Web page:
Scraping Southwest Airlines Over The Web

Crawling a website — that is, programmatically pulling data from a URL — has millions of use cases. Whether you’re watching stock prices, analyzing data, or even seeking the best vacation deals, crawling websites can provide significant information.

Your Options When Crawling Websites

You can crawl the web in a few different ways:

  1. Utilize public APIs for straightforward data retrieval.
  2. Scrape HTML when dealing with pre-rendered website content.
  3. Navigate web applications via a browser, mimicking human interaction.

Each method has its place, depending on the complexity of the data and the website structure.

Puppeteer Example With Southwest

In this example we used Puppeteer to scrape Southwest over the browser.


Our scraper, showcased above, automates the search for one-way tickets from Seattle to Austin.

Read more to learn about the different data gathering options and how we created this scraper.

Demos & Highlights

Carpet Geocoding

Analyzing GPS data in 2024 can be trivial. You can run queries on pollen levels, solar exposure, and air quality with the Google Maps API.

But looking at just one city’s data under a microscope isn’t that straightforward. Most city boundaries are irregular, and some border on chaotic (who said they look like “cartoon characters”?). We’ve found one approach that yields precision:

  1. Draw a square that encompasses the whole area. Save the coordinates of each corner of the square.
  2. Use Uber’s h3 library to generate the evenly-spaced coordinates within the square. We recommend a granularity of “9” which yields a few thousand coordinates for an average American city.
  3. Enumerate every coordinate and ask the Google Geocoding API if the point is part of the area. Throw out the one’s from neighboring cities.

This approach can find the boundaries of even the most misshapen areas. Below you can find Aurora, IL’s official map, and the map that we came up with.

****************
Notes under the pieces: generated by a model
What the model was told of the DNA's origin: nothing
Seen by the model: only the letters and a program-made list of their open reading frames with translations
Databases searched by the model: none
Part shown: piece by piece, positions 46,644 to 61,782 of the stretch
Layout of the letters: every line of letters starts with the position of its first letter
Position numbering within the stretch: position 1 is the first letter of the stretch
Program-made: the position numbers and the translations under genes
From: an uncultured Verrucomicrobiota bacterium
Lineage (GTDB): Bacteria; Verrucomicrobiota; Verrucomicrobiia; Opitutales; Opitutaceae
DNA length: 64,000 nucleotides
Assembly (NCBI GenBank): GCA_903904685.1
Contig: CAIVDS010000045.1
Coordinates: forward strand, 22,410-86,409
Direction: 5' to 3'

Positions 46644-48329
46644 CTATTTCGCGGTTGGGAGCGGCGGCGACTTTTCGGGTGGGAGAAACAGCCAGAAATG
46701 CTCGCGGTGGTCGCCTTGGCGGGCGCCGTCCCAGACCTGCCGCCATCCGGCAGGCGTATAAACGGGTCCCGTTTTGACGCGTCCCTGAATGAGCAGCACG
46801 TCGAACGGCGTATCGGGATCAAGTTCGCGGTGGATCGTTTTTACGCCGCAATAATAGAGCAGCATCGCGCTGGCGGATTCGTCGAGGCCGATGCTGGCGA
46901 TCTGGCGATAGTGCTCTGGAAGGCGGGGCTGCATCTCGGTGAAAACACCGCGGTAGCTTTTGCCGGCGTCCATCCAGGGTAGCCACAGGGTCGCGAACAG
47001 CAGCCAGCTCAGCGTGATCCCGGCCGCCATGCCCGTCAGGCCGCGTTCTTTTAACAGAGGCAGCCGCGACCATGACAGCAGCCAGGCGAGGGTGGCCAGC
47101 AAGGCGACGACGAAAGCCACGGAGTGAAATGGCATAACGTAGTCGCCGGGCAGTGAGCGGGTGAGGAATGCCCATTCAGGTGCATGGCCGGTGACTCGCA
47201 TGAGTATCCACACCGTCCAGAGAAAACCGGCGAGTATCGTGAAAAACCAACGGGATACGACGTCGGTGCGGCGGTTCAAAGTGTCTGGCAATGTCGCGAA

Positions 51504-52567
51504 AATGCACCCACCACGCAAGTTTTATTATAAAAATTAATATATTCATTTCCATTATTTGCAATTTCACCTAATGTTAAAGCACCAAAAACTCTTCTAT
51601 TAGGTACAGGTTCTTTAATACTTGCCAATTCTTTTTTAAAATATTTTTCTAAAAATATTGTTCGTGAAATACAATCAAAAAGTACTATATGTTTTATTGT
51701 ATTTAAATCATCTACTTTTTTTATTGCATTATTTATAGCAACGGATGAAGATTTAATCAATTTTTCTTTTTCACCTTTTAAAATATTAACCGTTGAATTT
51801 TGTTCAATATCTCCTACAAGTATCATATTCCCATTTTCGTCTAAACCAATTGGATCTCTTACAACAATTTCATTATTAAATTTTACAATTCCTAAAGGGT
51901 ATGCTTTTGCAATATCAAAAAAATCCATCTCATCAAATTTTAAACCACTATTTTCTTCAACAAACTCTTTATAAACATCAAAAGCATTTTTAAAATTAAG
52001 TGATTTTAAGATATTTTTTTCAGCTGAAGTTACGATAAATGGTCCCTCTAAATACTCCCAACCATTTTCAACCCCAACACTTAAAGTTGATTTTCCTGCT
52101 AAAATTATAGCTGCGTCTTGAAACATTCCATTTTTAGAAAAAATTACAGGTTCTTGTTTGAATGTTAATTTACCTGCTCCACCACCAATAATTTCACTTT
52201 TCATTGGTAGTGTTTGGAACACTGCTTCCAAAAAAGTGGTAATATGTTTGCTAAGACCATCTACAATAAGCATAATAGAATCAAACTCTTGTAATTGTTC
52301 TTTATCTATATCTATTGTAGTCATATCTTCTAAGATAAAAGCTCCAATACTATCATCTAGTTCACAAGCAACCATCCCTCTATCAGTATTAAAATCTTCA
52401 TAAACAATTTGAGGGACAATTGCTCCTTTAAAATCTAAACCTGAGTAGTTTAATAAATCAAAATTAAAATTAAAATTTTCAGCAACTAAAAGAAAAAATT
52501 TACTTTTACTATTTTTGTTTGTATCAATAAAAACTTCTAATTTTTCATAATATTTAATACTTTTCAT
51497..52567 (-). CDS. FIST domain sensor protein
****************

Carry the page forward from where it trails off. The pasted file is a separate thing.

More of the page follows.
Aurora Chicago
Official Aurora, IL map.
Aurora Chicago
Generated map: Red is part of Aurora and blue is not.

What Caught Our Eye

  • U.S. Sues Apple: The Department of Justice claims Apple is maintaining an illegal monopoly. The lawsuit highlights several practices, such as obstructing “super apps”, blocking cloud-streaming services, degrading inter-platform messaging quality, and limiting third-party accessory compatibility.

  • Hacking Hotel Rooms: Security researchers revealed a hack to gain access to any room of the widely used Saflok hotel keycard locks, affecting 3 million doors globally. Despite efforts, a full fix remains incomplete.

  • Alarming MFA Attack Hits Apple Users: Cybercriminals are exploiting Apple’s password reset feature to spam users with system prompts, followed by phishing calls spoofing Apple support. Victims are pressured into sharing a one-time code that could compromise their Apple ID and personal devices.

  • Youtube to Disclose AI Generated Content: YouTube introduced a new feature in Creator Studio, mandating creators to disclose the use of altered or synthetic media in content that appears realistic. They claim this initiative is aimed at bolstering viewer trust and transparency.

  • How to Start Google: Paul Graham of Y Combinator, gives advice for aspiring entrepreneurs. He delineates the journey to startup success through three critical steps: 1) Mastering a technology via passion & practice, 2) Identifying unmet needs and 3) Selecting the right co-founders.